(Thanks to Mrs. Scriber for this tip. Selected paragraphs were reordered by Scriber.)
Heading into Friday’s impeachment hearing, the Republican strategy for dealing with Marie L. Yovanovitch was simple: treat the ousted ambassador to Ukraine with respect during her testimony on Friday and avoid any appearance of bullying a veteran diplomat who had been vilified and driven from her post.
President Trump blew up the plan.
By repeating the same kind of verbal attack that made Ms. Yovanovitch a sympathetic witness for the Democrats in the first place, Mr. Trump undercut his own party’s best chance at minimizing the impact of her testimony. And he handed Democrats another new argument — that his tweet amounted to nothing less than witness intimidation that itself could become an article of impeachment.
“That was not part of the plan, obviously,” said Jeff Flake, the former Republican senator from Arizona, who clashed repeatedly with Mr. Trump before he retired in 2017. “He can’t help himself. You would think every instinct would be to lay off. She’s a sympathetic witness. But he seems just to be incapable of controlling himself.”
White House aides insisted on Friday that the president was too busy to watch the hearing, but in fact, he chose to watch Ms. Yovanovitch, who had stuck in his craw because he saw her as an obstacle to his desire to have investigations into Hunter Biden, the younger son of former Vice President Joseph R. Biden Jr., people close to Mr. Trump said.
[Trump’s] decision to fling the sharp-edged insult an hour into Ms. Yovanovitch’s testimony was the latest evidence — as if any more was needed — that Mr. Trump’s instincts are rarely in sync with the interests of his party.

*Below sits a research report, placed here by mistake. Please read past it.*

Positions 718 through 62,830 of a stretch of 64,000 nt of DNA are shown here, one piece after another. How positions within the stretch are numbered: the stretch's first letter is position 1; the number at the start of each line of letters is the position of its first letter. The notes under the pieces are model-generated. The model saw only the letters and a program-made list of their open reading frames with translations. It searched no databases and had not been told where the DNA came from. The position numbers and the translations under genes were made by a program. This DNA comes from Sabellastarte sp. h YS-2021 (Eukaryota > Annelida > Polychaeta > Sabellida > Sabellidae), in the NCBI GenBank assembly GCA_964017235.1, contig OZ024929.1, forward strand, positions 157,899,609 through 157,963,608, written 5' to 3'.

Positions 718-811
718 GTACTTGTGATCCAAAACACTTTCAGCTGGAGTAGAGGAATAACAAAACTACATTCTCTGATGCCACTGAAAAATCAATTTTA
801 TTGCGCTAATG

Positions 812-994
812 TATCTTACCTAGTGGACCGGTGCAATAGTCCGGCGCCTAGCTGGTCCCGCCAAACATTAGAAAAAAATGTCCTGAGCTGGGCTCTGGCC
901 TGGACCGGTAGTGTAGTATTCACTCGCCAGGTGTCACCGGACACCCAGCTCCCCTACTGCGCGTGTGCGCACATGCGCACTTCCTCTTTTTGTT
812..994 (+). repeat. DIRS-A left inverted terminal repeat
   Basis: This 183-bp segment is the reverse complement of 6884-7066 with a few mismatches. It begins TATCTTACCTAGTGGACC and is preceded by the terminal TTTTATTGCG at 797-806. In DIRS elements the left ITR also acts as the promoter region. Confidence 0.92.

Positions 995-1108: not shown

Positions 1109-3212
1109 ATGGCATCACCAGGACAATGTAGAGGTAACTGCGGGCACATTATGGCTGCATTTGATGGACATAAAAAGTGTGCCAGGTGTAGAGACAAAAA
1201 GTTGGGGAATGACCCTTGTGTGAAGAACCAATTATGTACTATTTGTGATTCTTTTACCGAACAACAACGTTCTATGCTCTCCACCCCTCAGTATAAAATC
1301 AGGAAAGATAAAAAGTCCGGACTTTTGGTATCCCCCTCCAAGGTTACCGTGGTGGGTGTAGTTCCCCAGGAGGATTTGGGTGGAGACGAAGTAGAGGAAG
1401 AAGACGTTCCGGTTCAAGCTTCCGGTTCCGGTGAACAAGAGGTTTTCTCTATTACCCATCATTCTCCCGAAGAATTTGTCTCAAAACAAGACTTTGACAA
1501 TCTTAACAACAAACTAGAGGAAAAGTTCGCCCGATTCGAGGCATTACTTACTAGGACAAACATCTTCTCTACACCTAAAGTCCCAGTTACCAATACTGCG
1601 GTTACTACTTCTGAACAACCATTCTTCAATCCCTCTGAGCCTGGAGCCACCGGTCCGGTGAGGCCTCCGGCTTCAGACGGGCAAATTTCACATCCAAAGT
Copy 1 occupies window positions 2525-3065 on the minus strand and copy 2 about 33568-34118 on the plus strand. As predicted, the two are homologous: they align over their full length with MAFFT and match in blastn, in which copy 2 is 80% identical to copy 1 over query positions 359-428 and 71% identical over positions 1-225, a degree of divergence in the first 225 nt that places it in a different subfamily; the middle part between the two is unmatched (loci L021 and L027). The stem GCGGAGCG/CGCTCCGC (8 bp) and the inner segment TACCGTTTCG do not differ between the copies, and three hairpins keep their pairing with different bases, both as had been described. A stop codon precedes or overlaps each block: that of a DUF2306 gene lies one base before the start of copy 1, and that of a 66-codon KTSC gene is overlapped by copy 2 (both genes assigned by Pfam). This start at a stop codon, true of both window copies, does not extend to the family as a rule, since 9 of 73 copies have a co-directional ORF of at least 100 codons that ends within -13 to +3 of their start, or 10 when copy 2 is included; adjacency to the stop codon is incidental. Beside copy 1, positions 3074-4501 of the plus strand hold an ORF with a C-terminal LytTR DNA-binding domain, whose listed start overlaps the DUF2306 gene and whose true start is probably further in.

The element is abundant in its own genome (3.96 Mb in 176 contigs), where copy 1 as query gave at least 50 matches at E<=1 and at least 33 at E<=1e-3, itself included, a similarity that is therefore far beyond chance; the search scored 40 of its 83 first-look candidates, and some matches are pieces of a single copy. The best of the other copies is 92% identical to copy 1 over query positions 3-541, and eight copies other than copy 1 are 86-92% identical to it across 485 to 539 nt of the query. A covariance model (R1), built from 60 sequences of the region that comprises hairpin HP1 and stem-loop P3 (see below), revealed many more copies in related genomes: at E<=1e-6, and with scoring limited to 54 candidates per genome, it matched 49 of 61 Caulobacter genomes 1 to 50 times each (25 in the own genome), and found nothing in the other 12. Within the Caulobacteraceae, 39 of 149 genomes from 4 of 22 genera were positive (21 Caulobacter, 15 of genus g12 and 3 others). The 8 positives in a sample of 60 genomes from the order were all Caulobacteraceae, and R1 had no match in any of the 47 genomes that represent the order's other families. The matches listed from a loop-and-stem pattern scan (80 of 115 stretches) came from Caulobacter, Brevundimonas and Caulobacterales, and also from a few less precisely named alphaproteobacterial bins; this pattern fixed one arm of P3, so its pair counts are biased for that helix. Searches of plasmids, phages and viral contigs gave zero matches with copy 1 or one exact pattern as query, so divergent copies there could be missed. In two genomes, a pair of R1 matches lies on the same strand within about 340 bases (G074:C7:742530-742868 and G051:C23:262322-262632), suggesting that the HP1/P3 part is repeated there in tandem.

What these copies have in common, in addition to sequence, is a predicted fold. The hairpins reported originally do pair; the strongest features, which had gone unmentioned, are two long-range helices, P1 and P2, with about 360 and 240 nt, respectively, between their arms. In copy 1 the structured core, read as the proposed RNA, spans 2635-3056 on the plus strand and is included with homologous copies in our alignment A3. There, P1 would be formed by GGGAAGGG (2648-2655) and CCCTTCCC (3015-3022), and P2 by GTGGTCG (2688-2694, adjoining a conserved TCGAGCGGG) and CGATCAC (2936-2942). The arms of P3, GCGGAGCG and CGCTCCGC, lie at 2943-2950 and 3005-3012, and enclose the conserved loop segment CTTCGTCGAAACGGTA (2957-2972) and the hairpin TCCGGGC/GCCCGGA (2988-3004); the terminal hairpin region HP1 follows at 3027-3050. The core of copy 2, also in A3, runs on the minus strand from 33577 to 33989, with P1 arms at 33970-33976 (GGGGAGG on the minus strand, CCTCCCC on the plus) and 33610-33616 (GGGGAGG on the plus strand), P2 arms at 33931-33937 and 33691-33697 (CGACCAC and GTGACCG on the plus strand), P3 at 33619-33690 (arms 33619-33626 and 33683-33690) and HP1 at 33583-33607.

On the first day of the impeachment hearings on Wednesday, the president had managed to avoid commenting about the two men who testified — William B. Taylor Jr., the top diplomat in Ukraine, and George P. Kent, a senior State Department official.
Mr. Trump’s congressional allies … had planned to be especially careful with Ms. Yovanovitch.
On Thursday, they met for several hours in Room HVC–215 of the Capitol for a practice session aimed at coordinating their overall message, with members who were not on the Intelligence Committee playing the parts of the former ambassador and Representative Adam B. Schiff, the Democratic chairman of the Intelligence committee.
And then the human volcano trashed all that with a single tweet.
Trump presents as having no self-control and being beyond control by even his closest advisors and members of his Trumpublican party. That impulsivity is a dangerous characteristic of a national leader. But that’s true only if Trump is a democratic leader. He is not. He is an autocrat, a dictator, a modern day King George.
Step back and look at the larger picture, the forrest, if you will. The inquiry is about whether we will still have a democracy at the end of 2020 and whether we are a nation of laws.